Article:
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I am new to learning code, and would love some feedback on how this little game could be improved and/or tidied up.

import random

num = random.randint(1, 100)

def user_guess():
    guess = input("Guess a number between 1 and 100: ")
    print("Your guess is", guess)
    guess = int(guess)

    while guess != num:
        if guess < num:
            guess = input("Your guess was too low: guess again!")
            print("Your guess is", guess)
            guess = int(guess)
        if guess > num:
            guess = input("Your guess was too high: guess again!")
            print("Your guess is", guess)
            guess = int(guess)
        if guess == num:
            print("Correct! Well done!")
            again = input("Would you like to play again? (Y or N): ")
            if again == "y":
                user_guess()
            break
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  • \$\begingroup\$ I assume that below this somewhere is something like if __name__ == '__main__': user_guess()? \$\endgroup\$ – scnerd May 31 '18 at 21:27
  • \$\begingroup\$ I'm not sure what that code means but the code I posted is the whole thing. I will endeavour to understand! :) \$\endgroup\$ – sim Jun 1 '18 at 12:43
  • \$\begingroup\$ Doing some searching but can't get my head around it :/ \$\endgroup\$ – sim Jun 1 '18 at 13:12
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You follow a lot of standard practices well, so the code is actually quite easy to read, but there are some ways to consolidate a bit that'll make it even simpler.

You while loop while the guess is incorrect, but you also break when the answer is correct, nullifying the need for the condition. This also has the unintended side effect that, if their answer is correct in their first guess, you never enter the loop, and therefore never congratulate the user for winning. Change this into while True: or, much better, provide some maximum number of guessed then do for _ in range(max_num_guesses):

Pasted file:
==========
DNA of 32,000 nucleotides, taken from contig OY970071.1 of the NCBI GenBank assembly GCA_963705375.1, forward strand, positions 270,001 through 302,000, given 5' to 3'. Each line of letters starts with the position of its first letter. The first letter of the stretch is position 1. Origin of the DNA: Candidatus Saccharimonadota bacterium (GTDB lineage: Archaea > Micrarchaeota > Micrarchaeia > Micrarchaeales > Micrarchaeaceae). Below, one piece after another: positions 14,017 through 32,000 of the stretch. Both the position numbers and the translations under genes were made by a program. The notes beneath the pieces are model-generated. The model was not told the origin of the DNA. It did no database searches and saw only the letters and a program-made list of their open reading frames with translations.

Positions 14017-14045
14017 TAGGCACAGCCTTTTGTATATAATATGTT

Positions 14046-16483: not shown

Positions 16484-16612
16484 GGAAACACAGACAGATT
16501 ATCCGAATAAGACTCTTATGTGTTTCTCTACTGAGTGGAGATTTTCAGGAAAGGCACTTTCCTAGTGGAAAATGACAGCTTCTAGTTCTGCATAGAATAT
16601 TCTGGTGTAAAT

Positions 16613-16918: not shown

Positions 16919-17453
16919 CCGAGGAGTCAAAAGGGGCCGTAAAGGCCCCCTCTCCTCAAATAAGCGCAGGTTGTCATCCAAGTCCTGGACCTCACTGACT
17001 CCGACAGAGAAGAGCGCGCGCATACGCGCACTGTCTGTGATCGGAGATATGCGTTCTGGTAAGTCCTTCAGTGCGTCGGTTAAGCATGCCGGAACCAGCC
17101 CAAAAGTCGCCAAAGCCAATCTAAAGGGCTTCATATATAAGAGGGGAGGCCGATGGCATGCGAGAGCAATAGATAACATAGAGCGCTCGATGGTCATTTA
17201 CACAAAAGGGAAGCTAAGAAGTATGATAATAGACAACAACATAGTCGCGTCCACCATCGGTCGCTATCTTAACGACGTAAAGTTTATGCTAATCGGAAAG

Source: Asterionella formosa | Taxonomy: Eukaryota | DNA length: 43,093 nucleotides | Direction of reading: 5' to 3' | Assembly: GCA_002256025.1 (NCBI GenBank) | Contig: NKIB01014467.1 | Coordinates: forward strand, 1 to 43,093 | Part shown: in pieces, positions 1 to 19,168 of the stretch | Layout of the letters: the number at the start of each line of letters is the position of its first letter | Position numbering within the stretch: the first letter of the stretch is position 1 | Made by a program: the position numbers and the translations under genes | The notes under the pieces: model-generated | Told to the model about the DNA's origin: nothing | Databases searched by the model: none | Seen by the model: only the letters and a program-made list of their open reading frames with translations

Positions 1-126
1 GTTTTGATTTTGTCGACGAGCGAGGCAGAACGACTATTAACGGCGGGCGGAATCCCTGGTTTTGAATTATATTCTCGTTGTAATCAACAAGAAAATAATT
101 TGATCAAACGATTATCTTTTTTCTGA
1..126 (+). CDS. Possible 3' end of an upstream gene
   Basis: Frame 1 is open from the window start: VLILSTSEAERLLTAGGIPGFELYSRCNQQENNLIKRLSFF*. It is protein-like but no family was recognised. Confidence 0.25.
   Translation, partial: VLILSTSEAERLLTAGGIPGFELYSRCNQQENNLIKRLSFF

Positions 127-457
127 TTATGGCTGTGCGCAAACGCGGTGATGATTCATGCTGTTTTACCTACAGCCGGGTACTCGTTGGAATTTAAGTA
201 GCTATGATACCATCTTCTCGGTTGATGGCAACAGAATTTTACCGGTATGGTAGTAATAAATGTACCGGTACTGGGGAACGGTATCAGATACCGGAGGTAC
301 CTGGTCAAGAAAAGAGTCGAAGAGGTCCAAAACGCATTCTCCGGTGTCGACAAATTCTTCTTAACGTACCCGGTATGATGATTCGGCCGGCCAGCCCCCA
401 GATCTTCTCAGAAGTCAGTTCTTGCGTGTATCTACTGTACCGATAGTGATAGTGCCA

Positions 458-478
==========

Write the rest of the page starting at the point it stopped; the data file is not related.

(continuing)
You repeat the input/print/int call many times, but this could just be the first part of the loop instead. It alters the formatting very slightly, but makes for much more readable/maintainable code.

global variables aren't usually a good idea in the long run; consider making num a parameter instead, then call randint wherever it is you call this function.

Some last minor tweaks I would suggest: move the "guess again?" logic to outside this function--recursion isn't the most intuitive solution in this case, and could get you into trouble (recursion limits, memory "leaks", etc.); use elif when chaining mutually-exclusive if statements; convert user input to lower case when checking if they input y, especially since your input message explicitly tells them that 'Y' is a valid, expected input.

The final code looks something like the following:

def user_guess(num, max_num_guesses=10):
    for _ in range(max_num_guesses):
        guess = int(input("Guess a number between 1 and 100: "))
        print("Your guess was {}".format(guess))

        if guess < num:
            print("Your guess was too low: guess again!")
        elif guess > num:
            print("Your guess was too high: guess again!")
        elif guess == num:
            print("Correct! Well done!")
            return

    print("Sorry, you ran out of guesses.")


if __name__ == '__main__':
    while True:
        user_guess(random.randint(1, 100))

        again = input("Would you like to play again? (Y or N): ")
        if again.lower() != "y":
            print("Ok, goodbye")
            break
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  • \$\begingroup\$ Thank you for such excellent feedback! My first post here. This is more than I could've hope for! I really appreciate it :) \$\endgroup\$ – sim May 31 '18 at 21:53
  • \$\begingroup\$ I can't get my head around the "if name == 'main':" What is it doing here? Thanks! \$\endgroup\$ – sim Jun 1 '18 at 15:10
  • 1
    \$\begingroup\$ @sim See the excellent answer to that question here \$\endgroup\$ – scnerd Jun 1 '18 at 20:52

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